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BIOS boot diskette?

 
 
midol
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      11-05-2009, 11:39 PM
Hi,

I have a S2932 mainboard and need to do a BIOS upgrade to accommodate
quad
core cpus. The User's manual and the online instructions say to use a
Windows
95 or Windows 98 boot diskette. The more recent of these is eleven
years old
and I haven't seen either for quite a while and certainly don't own a
computer like that. Can anyone suggest an alternative?

Dave
 
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Paul
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      11-06-2009, 12:15 AM
midol wrote:
> Hi,
>
> I have a S2932 mainboard and need to do a BIOS upgrade to accommodate
> quad
> core cpus. The User's manual and the online instructions say to use a
> Windows
> 95 or Windows 98 boot diskette. The more recent of these is eleven
> years old
> and I haven't seen either for quite a while and certainly don't own a
> computer like that. Can anyone suggest an alternative?
>
> Dave


bootdisk.com may have some MSDOS boot versions.

You can also find various sources of FreeDOS, a
replacement. For example, the downloadable Seagate Seatools
for floppy diskette, may have a copy of FreeDOS on it.
The HP USB Flash formatter tool may include FreeDOS as well.
So there are sources like that, of a DOS environment.

I got my boot floppy, from a machine running Win98, so
I could do that without the services of bootdisk.com . I've
been using copies of that original floppy, for years and
years.

You can also try a boot CD, but then you'd probably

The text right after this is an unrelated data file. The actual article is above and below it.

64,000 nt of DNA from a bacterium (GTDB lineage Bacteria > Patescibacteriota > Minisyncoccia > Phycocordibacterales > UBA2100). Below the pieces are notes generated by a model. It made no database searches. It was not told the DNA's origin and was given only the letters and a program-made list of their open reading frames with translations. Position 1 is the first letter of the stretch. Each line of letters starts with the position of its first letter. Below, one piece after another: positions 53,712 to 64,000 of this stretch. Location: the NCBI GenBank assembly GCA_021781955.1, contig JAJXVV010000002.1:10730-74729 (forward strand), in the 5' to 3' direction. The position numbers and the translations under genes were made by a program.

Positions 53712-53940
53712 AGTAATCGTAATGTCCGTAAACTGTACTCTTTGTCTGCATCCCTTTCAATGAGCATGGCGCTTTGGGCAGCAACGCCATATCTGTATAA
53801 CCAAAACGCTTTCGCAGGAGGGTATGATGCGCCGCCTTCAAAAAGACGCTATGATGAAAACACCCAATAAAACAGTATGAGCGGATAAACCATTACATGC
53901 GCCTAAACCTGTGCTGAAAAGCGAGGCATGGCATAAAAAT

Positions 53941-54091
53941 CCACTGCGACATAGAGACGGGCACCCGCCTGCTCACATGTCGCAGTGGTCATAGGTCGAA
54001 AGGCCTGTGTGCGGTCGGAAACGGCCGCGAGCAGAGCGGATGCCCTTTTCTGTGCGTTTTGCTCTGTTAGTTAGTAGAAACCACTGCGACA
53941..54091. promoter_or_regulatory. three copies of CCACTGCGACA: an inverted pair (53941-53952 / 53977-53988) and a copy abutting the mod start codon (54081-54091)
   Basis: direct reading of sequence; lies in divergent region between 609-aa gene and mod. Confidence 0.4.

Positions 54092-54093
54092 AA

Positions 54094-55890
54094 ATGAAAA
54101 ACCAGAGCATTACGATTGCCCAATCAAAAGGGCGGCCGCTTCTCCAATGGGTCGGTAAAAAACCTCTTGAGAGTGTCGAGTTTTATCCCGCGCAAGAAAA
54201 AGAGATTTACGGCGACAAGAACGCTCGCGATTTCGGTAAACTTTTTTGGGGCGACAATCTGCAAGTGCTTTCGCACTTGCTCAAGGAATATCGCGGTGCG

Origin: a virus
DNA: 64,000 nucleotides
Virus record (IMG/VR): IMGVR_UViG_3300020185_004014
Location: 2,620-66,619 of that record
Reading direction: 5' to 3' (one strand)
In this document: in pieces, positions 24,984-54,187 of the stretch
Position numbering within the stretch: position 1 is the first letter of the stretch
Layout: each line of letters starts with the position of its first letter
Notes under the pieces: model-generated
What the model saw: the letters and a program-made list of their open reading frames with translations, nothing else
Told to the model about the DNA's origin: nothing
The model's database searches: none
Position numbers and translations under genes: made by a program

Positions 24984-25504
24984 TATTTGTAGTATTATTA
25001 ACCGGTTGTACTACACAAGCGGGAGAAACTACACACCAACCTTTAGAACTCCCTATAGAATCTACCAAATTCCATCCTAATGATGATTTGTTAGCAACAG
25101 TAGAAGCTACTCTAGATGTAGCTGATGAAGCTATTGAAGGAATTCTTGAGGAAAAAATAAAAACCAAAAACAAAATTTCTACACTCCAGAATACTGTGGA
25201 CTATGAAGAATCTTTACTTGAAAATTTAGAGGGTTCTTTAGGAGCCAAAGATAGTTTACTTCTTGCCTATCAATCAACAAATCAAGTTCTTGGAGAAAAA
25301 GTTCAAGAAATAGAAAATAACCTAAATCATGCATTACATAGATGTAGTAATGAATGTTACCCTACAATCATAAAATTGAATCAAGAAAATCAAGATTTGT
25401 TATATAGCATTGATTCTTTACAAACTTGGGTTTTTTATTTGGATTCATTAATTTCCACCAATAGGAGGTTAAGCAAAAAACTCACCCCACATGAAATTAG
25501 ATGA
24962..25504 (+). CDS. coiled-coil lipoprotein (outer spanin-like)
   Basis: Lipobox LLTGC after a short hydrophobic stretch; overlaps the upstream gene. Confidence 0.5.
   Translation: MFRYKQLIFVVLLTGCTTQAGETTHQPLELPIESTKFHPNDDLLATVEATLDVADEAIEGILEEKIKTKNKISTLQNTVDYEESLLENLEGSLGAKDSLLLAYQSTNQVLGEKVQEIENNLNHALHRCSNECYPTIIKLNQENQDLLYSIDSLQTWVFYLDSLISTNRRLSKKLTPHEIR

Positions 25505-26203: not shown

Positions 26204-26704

want at least one FAT32 hard drive around, to hold
the flashing tools and BIOS files. Don't forget
to make an archival copy of the current BIOS image.
If anything goes wrong with the flash update, you
need access to your backup copy, so you can attempt
to flash it back.

http://www.infocellar.com/cd/boot-cd.htm

If all else fails, you can go to a site like badflash.com and
order a replacement BIOS chip. It really depends on the
motherboard, as to how practical that is. Older motherboards
use Dual Inline Packaging or DIP packages. Those are
easy to install. After that came the PLCC square package,
which is a bit of trouble to get out of the square socket.
Some are soldered in place, making replacement unnecessarily
difficult.

The most modern motherboards now, use EEPROM chips with serial
interfaces. The chip in that case, may be 8 pin and soldered to
the motherboard. They don't tend to be installed in a socket.
And that means, if you make a mistake flashing, you're going
to need some help to recover. The motherboard manufacturer
can reprogram the chip (there is usually a pin header intended
to allow a programmer to be connected). I doubt that badflash.com
would be selling those kinds of chips.

Good luck,
Paul
 
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Jim
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      11-26-2009, 05:19 PM
Hi Dave,

Tyan sent me to BIOSMan.com.

http://www.biosman.com/replacement.htm

Tyan will also flash the chip for free, if you send it to them. They
return it regular mail unless you include your own shipping container.

Good luck!

Jim
 
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